Lin at its plant. This process extracts the flax fibers from the retted straw. Linimpianti machines
move the flax on long tables to remove impurities. Dehondt and Depoortere equipment is used to
further thresh the flax and extract the fibers. At Terre de Lin, the scutching process divides the
scutched flax into fine fibers called line, shorter fibers called tow, and shives. Shives are the
woody part of the plant.Line is further processed by hackling to form sliver. Line sliver is
weighed, manually sorted and packed in bales or rollers weighing 100 kilograms. Line can be wet- or
dry-spun.Tow can be dry-spun on the cotton system or spun on the worsted system. It is also used
for nonwovens, including paper, and for technical products such as insulation. Shives are packed
and shipped for a variety of industrial products.  Research And DevelopmentThe Terre de Lin
cooperative has extensive testing and development laboratories, where it breeds new varieties of
plants. Flax plants are cross-pollinated in a greenhouse. Fifty thousand new varieties are culled
down to 200. From these, one is selected and tested for three years. If it has promise, seeds are
planted in a large field for further testing. Officials from the French governments department of
agriculture approve and certify each new variety. Total time to create a new variety is 10
years. Alain Blosseville, president, Terre de Lin, said growers are looking for plants that
are fungus-resistant and will not fall over in the wind. At the same time, we are working to
improve the yield and fiber content, he said. Our spinning customers are asking for finer, thinner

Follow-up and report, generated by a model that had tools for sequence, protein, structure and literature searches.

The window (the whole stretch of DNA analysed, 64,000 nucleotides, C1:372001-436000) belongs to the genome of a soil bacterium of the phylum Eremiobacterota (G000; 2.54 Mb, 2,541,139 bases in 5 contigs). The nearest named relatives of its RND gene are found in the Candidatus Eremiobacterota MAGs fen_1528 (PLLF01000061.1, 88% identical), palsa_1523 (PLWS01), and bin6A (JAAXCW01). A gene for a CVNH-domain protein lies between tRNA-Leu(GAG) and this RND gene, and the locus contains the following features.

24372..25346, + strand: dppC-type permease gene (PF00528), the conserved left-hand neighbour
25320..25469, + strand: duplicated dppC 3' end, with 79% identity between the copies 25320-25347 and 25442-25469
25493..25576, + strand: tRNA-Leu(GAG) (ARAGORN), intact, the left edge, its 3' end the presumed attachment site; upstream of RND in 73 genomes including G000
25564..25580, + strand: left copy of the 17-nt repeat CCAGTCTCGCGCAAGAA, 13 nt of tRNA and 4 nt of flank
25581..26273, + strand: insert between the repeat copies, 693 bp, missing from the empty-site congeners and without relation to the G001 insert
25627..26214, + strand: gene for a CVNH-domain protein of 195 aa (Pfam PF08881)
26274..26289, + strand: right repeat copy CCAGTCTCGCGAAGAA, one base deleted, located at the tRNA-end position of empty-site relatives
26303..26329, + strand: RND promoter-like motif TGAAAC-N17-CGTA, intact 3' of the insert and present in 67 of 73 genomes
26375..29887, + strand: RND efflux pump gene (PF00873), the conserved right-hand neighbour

fibers and homogeneous lengths.

Terre de Lin grows seven varieties of spring flax. Hermis the current favorite. Winter
FlaxRecently, Terre de Lin developed Ade, a new variety of winter flax. It can be sown in September
and harvested in June. According to Blosseville, the advantages of winter flax are many. Retting
conditions are better in June than in July, when spring crops are ready. Generally, growing fields
are idle in winter, so flax cultivation helps to prevent soil erosion. Also, being able to pull
flax a month early extends the use of the Depoortere pulling machines.Ade can grow in temperatures
as cold as -10°C, so it can be planted in Germany and Eastern Europe, where winters are harsh. It
is expected to be available commercially in about two years.There are seven spring flax varieties
at Terre de Lin. Hermis the current favorite, representing 60 percent of the market. In addition to
scutched flax, tow and shive, Terre de Lin produces 3,000 tons of seed annually, which represents
40 percent of the French market. SpinningFlax fiber processor and spinner NV Jos Vanneste
S.A., Belgium, began as a trading company in the late 19th century, buying containers of line flax
retted in the River Lys and selling to spinners in Belgium and Northern France. The company is
family-owned, currently run by the fourth generation of Vannestes. President Werner Vanneste
explained that at one time, 80 percent of the flax grown in France came through this region.Jos
Vanneste continued as a trader until World War II. After the war, the company began processing
scutched tow. This followed with the carding of flax waste for paper making, blending linen with
other fibers, preparing and processing linen for spinning on both the cotton and worsted systems,
and creating pure linen multicolored yarns. Specialty yarn spinning began in 1989. Today, with a
monthly capacity of 500 tons, Jos Vanneste sells quality products to niche markets around the
world.Our strengths are research and creativity, Vanneste said, in order to improve both quality
and production processing, as well as discover new end-uses for linen.One new end-use for Vanneste
yarns is automobile interior fabrics. Nonwovens blending flax with polypropylene are being sold to
prestigious European automobile companies, including BMW, Audi and SAAB. In the United States,
development is underway with major manufacturers. 

The blending of dyed sliver at Jos Vanneste is done using Mackie machinesAt the Vanneste
fiber processing plant, scutched tow is cleaned and humidity added using Van Dommele equipment. NSC